A Guide to Van Tax
Taxing your van: know what you need - or don't need - to pay up
There's no getting around it, put the words van and tax together and you've got a subject matter that can send even the greatest motoring enthusiast
to sleep. But if you own or drive a van it's in your best interest to keep your eyes wide open and set a couple of minutes aside to get to grips with the
topic. The good news is it's not as complicated as you'd thinkâ€¦
Back to basics
For tax purposes a company van is built with the intention of carrying goods and loads which has a â€˜design weight' of up to 3,500 kilos and is
provided by an employer. As for the tax charge, van drivers typically pay less than their fellow car users and if they fall within a certain criteria, it's even
possible to pay nothing at all. Since 6 April 2005, some employees no longer have to pay tax on their company van unless it's used for journeys other
than between home and work.
However, the current tax charge for employees who use a company van for private use is Â£3,000. There's also an additional Â£500 tax charge if free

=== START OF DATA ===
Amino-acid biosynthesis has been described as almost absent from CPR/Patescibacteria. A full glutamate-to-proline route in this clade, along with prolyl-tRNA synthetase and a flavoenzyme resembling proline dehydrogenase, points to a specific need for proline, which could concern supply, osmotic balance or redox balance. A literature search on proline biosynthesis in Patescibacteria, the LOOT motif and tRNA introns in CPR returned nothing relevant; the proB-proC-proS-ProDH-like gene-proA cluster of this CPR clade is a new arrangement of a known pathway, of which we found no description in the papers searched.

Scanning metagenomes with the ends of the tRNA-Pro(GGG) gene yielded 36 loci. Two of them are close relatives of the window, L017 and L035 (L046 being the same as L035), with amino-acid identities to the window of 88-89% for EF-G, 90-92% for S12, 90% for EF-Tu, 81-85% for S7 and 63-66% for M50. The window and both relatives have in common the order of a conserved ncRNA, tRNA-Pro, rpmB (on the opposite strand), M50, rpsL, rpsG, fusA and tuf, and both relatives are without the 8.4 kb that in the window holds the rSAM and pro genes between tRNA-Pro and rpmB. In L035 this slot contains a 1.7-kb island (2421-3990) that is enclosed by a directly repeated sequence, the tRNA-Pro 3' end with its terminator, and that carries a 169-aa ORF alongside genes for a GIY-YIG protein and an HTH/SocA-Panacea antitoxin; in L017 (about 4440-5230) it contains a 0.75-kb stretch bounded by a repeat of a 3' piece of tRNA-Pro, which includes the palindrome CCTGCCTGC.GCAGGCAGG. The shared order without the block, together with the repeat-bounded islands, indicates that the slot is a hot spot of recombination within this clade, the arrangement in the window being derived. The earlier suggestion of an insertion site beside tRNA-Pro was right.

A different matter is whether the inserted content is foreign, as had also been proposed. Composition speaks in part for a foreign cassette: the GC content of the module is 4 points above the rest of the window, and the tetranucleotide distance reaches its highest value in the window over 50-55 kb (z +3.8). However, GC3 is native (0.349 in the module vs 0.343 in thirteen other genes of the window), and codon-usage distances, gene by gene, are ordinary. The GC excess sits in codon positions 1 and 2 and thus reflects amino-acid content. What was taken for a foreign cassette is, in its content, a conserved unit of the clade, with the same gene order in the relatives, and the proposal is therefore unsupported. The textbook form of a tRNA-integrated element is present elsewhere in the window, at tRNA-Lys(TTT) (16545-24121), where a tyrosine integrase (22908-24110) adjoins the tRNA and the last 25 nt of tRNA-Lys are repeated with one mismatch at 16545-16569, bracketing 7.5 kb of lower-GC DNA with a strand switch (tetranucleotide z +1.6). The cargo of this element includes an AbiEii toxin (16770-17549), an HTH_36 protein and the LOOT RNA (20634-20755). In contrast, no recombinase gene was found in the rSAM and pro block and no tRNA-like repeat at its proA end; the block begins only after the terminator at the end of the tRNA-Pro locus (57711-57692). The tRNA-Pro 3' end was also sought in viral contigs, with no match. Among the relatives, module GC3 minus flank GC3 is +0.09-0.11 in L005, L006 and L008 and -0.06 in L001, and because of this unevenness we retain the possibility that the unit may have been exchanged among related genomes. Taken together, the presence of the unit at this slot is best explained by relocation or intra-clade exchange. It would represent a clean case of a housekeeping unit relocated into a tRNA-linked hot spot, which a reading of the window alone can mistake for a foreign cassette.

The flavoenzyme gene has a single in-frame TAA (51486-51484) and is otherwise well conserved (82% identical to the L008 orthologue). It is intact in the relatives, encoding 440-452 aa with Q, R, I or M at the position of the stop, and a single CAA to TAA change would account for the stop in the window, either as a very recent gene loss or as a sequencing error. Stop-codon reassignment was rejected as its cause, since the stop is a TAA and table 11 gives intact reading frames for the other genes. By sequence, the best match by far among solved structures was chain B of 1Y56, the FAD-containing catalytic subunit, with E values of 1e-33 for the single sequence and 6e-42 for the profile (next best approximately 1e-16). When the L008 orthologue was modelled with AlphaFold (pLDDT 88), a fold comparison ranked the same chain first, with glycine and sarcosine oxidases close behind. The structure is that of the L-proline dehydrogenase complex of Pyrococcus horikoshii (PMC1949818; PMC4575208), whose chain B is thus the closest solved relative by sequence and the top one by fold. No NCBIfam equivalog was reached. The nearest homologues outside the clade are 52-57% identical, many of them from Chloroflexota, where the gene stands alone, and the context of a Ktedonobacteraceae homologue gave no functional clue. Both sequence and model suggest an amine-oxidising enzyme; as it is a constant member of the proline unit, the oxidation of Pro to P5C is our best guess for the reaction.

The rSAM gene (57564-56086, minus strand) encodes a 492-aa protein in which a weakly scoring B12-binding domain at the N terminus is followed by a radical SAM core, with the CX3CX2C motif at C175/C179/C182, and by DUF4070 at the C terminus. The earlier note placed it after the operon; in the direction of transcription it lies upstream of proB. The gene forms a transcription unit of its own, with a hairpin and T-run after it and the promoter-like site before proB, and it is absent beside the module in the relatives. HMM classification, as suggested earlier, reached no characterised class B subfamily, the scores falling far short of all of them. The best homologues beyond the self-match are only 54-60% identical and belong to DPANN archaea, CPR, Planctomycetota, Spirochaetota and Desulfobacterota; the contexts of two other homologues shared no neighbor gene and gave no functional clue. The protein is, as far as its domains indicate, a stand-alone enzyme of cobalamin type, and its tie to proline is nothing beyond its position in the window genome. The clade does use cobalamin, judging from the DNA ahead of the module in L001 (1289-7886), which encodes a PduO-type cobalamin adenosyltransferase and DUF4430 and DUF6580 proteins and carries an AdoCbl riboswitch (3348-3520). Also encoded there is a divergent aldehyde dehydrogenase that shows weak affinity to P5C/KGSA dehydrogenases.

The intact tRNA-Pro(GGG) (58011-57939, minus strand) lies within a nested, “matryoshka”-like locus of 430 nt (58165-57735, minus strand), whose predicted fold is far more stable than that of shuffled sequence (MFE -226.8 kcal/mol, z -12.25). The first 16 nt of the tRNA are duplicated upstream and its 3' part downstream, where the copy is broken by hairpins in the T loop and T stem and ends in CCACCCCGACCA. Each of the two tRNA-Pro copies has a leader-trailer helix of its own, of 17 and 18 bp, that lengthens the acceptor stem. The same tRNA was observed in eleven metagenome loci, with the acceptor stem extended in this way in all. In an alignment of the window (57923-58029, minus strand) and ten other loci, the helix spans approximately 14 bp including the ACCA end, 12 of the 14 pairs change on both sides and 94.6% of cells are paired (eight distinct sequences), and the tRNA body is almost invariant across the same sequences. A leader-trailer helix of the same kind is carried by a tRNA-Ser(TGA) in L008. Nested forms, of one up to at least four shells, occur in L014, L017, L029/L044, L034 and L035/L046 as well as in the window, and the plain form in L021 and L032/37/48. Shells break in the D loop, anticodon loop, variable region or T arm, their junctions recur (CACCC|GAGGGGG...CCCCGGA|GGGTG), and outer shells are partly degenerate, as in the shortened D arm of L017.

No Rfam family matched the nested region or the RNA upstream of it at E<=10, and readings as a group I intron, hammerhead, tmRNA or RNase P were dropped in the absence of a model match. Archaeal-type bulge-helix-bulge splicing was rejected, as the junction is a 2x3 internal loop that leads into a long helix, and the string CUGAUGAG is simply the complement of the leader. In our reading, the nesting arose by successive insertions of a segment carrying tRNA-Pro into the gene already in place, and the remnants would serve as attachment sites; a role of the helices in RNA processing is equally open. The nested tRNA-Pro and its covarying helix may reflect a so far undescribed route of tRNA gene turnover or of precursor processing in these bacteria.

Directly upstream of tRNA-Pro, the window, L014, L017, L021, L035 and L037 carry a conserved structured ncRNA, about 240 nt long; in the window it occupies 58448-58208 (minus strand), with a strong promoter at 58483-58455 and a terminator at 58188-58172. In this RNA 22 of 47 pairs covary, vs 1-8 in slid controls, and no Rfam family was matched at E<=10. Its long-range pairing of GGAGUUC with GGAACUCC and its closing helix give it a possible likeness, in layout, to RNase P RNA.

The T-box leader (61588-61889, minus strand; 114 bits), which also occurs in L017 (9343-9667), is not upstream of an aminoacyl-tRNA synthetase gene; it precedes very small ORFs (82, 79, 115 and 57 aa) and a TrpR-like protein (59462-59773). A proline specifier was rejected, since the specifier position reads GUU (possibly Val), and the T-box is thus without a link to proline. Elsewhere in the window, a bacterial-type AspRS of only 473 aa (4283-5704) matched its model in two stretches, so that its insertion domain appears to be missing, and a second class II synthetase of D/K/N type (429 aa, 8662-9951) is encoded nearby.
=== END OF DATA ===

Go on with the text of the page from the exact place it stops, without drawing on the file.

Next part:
or subsidised fuel is provided for private use in a company van. Sounds awful, doesn't it? But that charge reduces to nil if the employees drive the van
mainly for business travel, and any private use, other than for journeys to and from work, is insignificant.
To make matters a little messy, the word â€˜insignificant' is not clearly defined, but HM Revenue & Customs say taking an old mattress or other
rubbish to the tip once or twice a year is fine, as is regularly making a slight detour to stop at a newsagent on the way to work, or calling in at the
dentist on the way home.
Not so insignificant
If an employee regularly uses the company van to do the supermarket shopping, takes it away on a week's holiday or uses the van outside of work for
social activities, the driver needs to reconsider the van tax band. The distinction is important because where there's no tax charge on the van, there
will be no Na